# Introduction to Category Theory/Functors

## Functor

A structure-preserving map between categories is called functor. A (covariant) functor F from category ${\mathcal {C}}$ to category ${\mathcal {D}}$ satisfies

• $F$ sends objects of ${\mathcal {C}}$ to objects of ${\mathcal {D}}$ .
• $F$ sends arrows of ${\mathcal {C}}$ to arrows of ${\mathcal {D}}$ .
• If $m$ is an arrow from $A$ to $B$ in ${\mathcal {C}}$ , then $F(m)$ is an arrow from $F(A)$ to $F(B)$ in ${\mathcal {D}}$ .
• $F$ sends identity arrows to identity arrows: $F(1_{A})=1_{F(A)}\;$ .
• $F$ preserves compositions: $F(g\circ f)=F(g)\circ F(f)$ .

A contravariant functor reverses arrows:

• If $m$ is an arrow from $A$ to $B$ in ${\mathcal {C}}$ , then $F(m)$ is an arrow from $F(B)$ to $F(A)$ in ${\mathcal {D}}$ .
• $F$ preserves compositions: $F(g\circ f)=F(f)\circ F(g)$ .

## Natural Transformations

If F and G are covariant functors between the categories ${\mathcal {C}}$ and ${\mathcal {D}}$ , then a natural transformation $\eta$ from F to G associates to every object X in ${\mathcal {C}}$ a morphism $\eta _{X}:F(X)\to G(X)$ in ${\mathcal {D}}$ called the component of $\eta$ at X, such that for every morphism $f:X\to Y$ in ${\mathcal {C}}$ we have $\eta _{Y}\circ F(f)=G(f)\circ \eta _{X}$ . This equation can conveniently be expressed by the commutative diagram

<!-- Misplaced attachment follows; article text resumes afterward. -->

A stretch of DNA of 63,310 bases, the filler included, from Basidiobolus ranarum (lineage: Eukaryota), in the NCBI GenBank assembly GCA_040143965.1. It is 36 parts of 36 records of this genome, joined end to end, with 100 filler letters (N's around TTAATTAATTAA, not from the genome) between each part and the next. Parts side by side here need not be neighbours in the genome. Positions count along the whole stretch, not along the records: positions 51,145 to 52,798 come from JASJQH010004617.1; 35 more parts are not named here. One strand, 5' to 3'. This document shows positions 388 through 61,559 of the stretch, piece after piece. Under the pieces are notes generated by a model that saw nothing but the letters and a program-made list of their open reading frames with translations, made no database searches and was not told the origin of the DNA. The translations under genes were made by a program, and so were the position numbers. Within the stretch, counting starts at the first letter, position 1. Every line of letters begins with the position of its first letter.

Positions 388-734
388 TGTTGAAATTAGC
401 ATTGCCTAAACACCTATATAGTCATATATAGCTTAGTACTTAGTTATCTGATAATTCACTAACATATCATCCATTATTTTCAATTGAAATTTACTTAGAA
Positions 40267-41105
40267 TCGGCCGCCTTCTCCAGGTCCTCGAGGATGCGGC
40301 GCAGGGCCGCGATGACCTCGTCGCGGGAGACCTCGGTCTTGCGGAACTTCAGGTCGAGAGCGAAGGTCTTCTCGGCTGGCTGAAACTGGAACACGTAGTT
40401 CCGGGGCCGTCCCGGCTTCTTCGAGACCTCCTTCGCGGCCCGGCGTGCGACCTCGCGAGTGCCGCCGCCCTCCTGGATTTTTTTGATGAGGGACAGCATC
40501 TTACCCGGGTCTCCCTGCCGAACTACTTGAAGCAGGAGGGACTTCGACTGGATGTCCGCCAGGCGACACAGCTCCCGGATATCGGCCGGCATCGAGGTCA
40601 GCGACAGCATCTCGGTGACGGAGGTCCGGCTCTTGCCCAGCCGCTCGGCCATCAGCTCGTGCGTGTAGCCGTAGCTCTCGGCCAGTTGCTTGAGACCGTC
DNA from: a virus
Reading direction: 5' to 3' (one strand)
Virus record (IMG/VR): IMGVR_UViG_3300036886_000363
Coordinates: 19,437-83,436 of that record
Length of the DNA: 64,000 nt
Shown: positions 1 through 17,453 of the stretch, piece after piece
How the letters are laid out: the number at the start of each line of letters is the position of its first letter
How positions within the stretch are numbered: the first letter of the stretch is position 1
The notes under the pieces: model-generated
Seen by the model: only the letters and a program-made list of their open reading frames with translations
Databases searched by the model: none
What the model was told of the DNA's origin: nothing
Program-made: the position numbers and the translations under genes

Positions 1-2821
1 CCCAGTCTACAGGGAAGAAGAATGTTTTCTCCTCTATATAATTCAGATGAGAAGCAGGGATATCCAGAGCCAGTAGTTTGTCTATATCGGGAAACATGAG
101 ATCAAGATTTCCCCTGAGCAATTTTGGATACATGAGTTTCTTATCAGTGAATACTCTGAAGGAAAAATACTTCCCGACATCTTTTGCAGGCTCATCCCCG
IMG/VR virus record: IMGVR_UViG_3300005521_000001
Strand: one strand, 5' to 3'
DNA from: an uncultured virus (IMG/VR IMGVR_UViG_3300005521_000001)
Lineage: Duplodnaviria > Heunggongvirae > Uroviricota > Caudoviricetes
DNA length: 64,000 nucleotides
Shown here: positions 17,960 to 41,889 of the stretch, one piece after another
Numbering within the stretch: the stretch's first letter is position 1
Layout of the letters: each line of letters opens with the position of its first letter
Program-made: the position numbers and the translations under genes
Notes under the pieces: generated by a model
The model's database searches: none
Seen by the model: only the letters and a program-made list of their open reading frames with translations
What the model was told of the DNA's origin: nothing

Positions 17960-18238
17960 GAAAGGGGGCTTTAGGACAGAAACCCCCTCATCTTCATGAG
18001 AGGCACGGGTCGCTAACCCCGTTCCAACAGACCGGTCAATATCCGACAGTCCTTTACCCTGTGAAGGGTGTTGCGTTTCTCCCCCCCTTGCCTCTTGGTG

If both F and G are contravariant, the horizontal arrows in this diagram are reversed. If $\eta$ is a natural transformation from F to G, we also write $\eta :F\to G$ . This is also expressed by saying the family of morphisms $\eta _{X}:F(X)\to G(X)$ is natural in X.

If, for every object X in C, the morphism $\eta _{X}$ is an isomorphism in ${\mathcal {D}}$ , then $\eta$ is said to be a natural isomorphism (or sometimes natural equivalence or isomorphism of functors). Two functors F and G are called naturally isomorphic or simply isomorphic if there exists a natural isomorphism from F to G.

Natural transformations are usually far more natural than the definition above.